Diabetes & Drinking Alcohol
New research reveals a connection between diabetes and drinking alcohol. If you like to have a few drinks now and then, be sure to read this first.
How Does Drinking Affect Diabetes?
Alcohol increases your risk for type 2 diabetes, according to the Mayo Clinic. Typically, it happens like this:
- Regularly consuming too much alcohol (2+ drinks a day) can cause chronic inflammation of the pancreas, also known as pancreatitis
- An inflamed pancreas can then lead to impaired ability to secrete insulin
- The inability to secrete insulin can then lead to diabetes
- Alcohol also affects an area of the brain that regulates insulin production, putting you at an even higher risk
More Connections Between Diabetes & Drinking Alcohol
- Alcohol is largely sugar and empty calories, which is responsible for the onset of obesity (another risk for diabetes)
- The new research study was conducted on rats. Some were given alcohol and others were given sugars. The rats that were given alcohol had higher concentrations of plasma insulin, an indicator of metabolic syndrome (which increases your risk for diabetes)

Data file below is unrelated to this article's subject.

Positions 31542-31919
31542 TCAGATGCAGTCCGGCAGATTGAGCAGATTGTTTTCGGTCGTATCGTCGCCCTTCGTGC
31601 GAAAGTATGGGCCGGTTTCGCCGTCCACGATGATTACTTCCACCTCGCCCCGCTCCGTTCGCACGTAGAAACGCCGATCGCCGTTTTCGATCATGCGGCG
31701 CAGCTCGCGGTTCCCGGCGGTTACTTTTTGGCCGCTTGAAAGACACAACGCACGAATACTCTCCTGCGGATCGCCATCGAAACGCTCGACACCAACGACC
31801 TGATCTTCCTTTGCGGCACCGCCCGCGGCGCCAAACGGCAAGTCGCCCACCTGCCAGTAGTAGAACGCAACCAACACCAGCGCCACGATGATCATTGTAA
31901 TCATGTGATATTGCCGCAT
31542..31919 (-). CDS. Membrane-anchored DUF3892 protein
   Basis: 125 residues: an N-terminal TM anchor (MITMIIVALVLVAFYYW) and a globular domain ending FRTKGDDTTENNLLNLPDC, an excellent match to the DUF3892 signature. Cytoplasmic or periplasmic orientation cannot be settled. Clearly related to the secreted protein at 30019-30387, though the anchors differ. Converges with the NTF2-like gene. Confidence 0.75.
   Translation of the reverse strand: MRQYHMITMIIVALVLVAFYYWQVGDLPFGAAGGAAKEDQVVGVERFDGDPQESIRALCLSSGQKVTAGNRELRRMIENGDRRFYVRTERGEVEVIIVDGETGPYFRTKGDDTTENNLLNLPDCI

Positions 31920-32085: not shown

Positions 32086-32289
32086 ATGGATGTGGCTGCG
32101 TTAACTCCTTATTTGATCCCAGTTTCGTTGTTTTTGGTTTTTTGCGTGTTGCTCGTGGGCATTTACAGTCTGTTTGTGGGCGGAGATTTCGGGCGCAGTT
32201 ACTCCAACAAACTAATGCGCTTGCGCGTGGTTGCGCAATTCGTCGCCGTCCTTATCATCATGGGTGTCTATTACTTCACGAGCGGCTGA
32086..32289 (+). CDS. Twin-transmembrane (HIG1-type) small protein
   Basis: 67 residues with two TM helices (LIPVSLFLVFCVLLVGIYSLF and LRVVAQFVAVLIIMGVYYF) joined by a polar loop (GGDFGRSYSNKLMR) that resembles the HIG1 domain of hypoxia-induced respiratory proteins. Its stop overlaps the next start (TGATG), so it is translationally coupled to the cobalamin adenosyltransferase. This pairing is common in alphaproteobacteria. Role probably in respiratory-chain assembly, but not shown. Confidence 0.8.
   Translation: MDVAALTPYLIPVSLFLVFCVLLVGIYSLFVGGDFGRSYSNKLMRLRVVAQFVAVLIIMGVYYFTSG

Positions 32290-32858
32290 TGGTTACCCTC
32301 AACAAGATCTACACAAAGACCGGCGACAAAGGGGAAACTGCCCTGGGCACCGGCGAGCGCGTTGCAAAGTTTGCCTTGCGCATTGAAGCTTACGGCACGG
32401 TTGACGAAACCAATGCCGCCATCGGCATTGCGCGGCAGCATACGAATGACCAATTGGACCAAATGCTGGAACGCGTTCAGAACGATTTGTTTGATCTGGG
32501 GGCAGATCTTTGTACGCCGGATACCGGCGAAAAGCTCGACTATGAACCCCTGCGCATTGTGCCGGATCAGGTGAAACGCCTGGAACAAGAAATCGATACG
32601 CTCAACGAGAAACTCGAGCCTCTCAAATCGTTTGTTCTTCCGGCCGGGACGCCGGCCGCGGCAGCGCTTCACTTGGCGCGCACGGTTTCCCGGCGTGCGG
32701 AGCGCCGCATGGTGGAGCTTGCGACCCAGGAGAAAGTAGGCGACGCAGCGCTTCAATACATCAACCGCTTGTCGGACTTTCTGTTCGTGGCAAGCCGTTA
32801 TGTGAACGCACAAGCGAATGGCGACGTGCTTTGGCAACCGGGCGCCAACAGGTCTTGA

- It’s not liver damage– it’s brain damage. The study says, “Damage to the liver doesn’t seem to be the mechanism that makes you become insulin resistant . . . It seems to be primarily because [binge drinking] damages the brain.”
So before you reach for your next drink, take what you’ve learned in this blog post into consideration. While a couple drinks now and then isn’t too dangerous for most people, habitually drinking does increase your risk for diabetes and other health problems. Ask yourself if those few drinks a day are worth risking a healthier life in the future.
– If you are also considering limiting your caffeine intake, check out this blog post next.Disclaimer: Any information provided is not medical advice and Iowa Diabetes is not responsible for any information from third parties.
– If you or someone you know wants to quit smoking, read this blog post.